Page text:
It’s important that you understand the difference between working with a professional, and getting tricked into working with a mortgage call center.

The difference is drastic.  You will not hear this type of conversation coming from a call center.  You’ll just be pushed to complete a loan application and maybe even your credit card!

Mortgage Broker vs Direct Mortgage Lender

A mortgage broker works with many different investors, and has the ability to place you with a lender that offers the best rates and terms for your exact scenario.

A direct lender, and those big box lenders that advertise on TV, radio and the internet have one set of loan programs with one set of interest rates.

When using a direct lender, you get what you get, and you have to fit into the lender’s single set of guidelines.  There are no options if you do not fit into their box.

It is also common that mortgage brokers offer lower interest rates and fees, because they do not have the same amount of overhead that big direct lenders have.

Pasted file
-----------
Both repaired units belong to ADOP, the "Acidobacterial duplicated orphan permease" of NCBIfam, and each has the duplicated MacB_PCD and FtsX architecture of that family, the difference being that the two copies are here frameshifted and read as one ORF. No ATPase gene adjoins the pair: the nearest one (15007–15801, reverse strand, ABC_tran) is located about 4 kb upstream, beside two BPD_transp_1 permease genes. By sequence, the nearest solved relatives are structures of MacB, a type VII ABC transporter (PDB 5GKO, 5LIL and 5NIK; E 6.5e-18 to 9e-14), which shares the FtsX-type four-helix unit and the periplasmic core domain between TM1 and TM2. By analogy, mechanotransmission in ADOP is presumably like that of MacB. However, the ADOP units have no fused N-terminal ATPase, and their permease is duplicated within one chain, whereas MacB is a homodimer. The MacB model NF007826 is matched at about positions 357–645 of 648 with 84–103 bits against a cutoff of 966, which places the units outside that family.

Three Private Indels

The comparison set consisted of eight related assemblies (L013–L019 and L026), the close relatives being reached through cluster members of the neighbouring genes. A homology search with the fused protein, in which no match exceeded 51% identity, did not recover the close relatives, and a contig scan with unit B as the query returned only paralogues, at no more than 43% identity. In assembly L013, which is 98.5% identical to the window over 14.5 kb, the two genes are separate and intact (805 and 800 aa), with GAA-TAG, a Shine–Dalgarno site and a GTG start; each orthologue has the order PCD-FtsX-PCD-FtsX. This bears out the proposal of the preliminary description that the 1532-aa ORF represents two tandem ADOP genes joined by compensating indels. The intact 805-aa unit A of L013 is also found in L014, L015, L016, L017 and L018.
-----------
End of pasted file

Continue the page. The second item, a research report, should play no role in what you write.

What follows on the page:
You can also expect that if you hear about a mortgage lender on TV, that they are spending major bucks on advertising….who’s paying for that?  You guessed it.  You are.

Get Expert Advice

If you have any questions about finding a mortgage expert, we’re here to help.  Our Expert Network is made up of seasoned loan officers that specialize in solving mortgage problems for a living.

This is your chance to speak to a professional loan officer at no cost, with no obligation, and get expert advice about your options.

You can either ask a question here, or leave a comment below.  We’re happy to help!

About Your Expert

Scott Schang

As a 19 year veteran of the Mortgage and Real Estate industry, I am passionate about educating and empowering consumers. I have been writing about consumer protection issues, and making sense of complicated real estate and mortgage topics on this website since 2007